Norwegian cruise ship begins operations in the US with vaccinated crew and passengers, while legal battle continues with the Florida government over the “bovine passport”

Norwegian cruise ship begins operations in the US with vaccinated crew and passengers, while legal battle continues with the Florida government over the “bovine passport”

Norwegian begins operations in the US and hopes to do so from Miami in a week.

Photo: DANIEL SLIM / AFP via Getty Images) / AFP / Getty Images

The third largest cruise company, Norwegian (NCL), this weekend celebrated the beginning of its voyages departing from a US port. And he celebrated as they wanted with all his crew and passengers fully vaccinated. Although the situation in Florida remains the same, the fight for vaccine passports continues in a legal battle.

Right at this moment when there is an explosion of COVID-19 infections in Florida again, the shipping company insists that “total vaccination is the right thing to do.” And it is the only option that they want to assume after 17 months paralyzed as a result of the pandemic.

The Center for Disease Control and Prevention (CDC) ordered the immunization and conditioned the reopening of cruise trips to begin in phases, the performance of tests and the simulation of trips with passengers who were provided for it.

SailSafe is the name given by the cruise company to its strategy to prevent COVID-19 on its trips. And on the ship that left Seattle for Alaska over the weekend, all passengers and crew were required to have a passport indicating that they have two doses of the virus vaccine.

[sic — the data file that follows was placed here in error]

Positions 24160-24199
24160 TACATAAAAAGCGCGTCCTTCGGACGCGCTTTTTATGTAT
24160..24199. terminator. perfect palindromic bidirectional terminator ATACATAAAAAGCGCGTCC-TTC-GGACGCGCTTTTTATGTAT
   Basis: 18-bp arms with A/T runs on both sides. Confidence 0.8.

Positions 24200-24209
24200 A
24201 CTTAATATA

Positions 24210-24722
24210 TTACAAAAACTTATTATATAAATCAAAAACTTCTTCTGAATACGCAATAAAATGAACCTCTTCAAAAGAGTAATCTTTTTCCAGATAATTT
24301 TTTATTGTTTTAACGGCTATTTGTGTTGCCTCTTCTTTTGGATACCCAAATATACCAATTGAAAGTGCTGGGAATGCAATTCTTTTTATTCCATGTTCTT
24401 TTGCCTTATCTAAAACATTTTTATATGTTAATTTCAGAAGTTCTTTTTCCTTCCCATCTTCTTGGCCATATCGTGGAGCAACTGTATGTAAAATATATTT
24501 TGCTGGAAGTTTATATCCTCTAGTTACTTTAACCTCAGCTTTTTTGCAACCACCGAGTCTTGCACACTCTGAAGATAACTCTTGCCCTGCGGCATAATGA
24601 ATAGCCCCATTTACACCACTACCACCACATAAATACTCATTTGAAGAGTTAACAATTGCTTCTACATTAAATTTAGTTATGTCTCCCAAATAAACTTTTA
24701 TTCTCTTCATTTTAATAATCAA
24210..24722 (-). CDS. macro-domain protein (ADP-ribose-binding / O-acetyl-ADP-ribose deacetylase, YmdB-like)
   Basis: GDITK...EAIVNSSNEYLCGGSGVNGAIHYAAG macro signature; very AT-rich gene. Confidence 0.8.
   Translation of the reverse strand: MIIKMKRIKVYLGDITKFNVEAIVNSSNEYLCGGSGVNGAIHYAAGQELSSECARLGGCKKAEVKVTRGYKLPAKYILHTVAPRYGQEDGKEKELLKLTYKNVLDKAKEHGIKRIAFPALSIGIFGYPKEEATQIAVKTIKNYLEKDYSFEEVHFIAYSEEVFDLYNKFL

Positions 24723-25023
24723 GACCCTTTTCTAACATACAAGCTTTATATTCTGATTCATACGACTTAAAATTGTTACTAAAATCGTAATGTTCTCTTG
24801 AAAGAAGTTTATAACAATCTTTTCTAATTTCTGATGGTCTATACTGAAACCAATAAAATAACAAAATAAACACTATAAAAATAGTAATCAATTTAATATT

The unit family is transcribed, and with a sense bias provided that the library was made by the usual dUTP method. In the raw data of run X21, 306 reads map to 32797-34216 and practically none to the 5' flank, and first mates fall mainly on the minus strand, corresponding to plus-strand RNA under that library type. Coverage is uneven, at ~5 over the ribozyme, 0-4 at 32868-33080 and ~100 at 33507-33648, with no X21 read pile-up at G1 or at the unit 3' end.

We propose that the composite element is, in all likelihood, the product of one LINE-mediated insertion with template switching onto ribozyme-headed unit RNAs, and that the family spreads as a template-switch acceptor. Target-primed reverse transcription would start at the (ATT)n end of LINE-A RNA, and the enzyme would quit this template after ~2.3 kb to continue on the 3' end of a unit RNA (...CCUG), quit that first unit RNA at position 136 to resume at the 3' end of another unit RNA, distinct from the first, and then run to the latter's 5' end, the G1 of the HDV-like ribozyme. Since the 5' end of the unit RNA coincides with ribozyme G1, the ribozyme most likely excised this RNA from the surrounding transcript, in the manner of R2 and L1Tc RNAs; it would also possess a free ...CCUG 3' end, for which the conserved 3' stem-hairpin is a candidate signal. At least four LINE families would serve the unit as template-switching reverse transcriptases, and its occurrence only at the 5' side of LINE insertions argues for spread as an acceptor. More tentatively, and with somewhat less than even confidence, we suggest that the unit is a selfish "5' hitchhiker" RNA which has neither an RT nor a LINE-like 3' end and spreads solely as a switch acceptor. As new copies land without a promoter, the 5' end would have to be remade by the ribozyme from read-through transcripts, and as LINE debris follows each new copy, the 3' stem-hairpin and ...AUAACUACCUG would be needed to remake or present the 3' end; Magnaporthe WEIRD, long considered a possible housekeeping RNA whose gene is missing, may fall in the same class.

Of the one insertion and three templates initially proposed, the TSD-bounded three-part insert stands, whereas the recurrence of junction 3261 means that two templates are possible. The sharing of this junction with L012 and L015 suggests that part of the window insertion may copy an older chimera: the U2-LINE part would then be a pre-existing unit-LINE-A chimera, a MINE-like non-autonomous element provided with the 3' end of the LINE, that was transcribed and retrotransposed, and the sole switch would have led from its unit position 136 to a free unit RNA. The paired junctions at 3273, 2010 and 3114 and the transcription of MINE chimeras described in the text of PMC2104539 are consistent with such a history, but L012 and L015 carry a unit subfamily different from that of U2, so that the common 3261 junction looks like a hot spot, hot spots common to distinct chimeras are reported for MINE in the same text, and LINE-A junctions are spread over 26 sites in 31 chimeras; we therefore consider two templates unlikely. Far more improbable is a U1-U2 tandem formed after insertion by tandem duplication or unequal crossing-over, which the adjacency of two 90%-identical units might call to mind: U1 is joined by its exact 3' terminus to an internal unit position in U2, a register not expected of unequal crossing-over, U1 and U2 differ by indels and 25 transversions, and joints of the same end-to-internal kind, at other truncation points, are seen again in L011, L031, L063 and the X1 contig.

But in the Sunshine State, Governor Ron DeSantis prohibited the vaccine passport from being required, so the matter has turned into a legal battle between cruise companies and the local Florida government.

Norwegian lawyers consider this to be a matter of “life and death” and not of “discrimination” As the government of Florida intends to expose, a state that especially in recent weeks had records in daily cases and hospitalizations of COVID-19.

Florida accounts for nearly 20% of all U.S. infections in this new wave of virus rebound.

However, the Florida governor has not fared too badly in trying to prevent the COVID-19 vaccine from being made mandatory. In mid-June, a federal judge ruled that the Centers for Disease Control and Prevention (CDC) will no longer be able to enforce the rules involving conditions for navigation related to COVID-19.

This ruling was a triumph for the state of Florida, according to which the CDC exaggerated by imposing a “capricious” authority regarding the rules against COVID-19. One of the arguments of the judge, Steven Merryday, of the United States District Court, was that during 2019 more than 13 million people, including passengers and crew, embarked and disembarked from the ports of Florida, sponsoring the businesses of that town.

But in counterweight, a Florida federal judge, Kathleen Williams, said she did not clearly see the “discrimination” the Florida governor is talking about. For Norwegian this gives an indication of how likely the judges are viewing this conflict, it is a new green light for cruise ships.

Therefore, the president of Norwegian Cruise Line Holdings (NCL), Frank del Río, assures that nothing is going to “interfere” in his plans as a company to keep a crew and an entire ship vaccinated to protect themselves from the contagion of the virus, to big scale.

For now there is no immediate ruling, but Del Río expects “a positive verdict that allows sailing from Florida as of August 15 ”.


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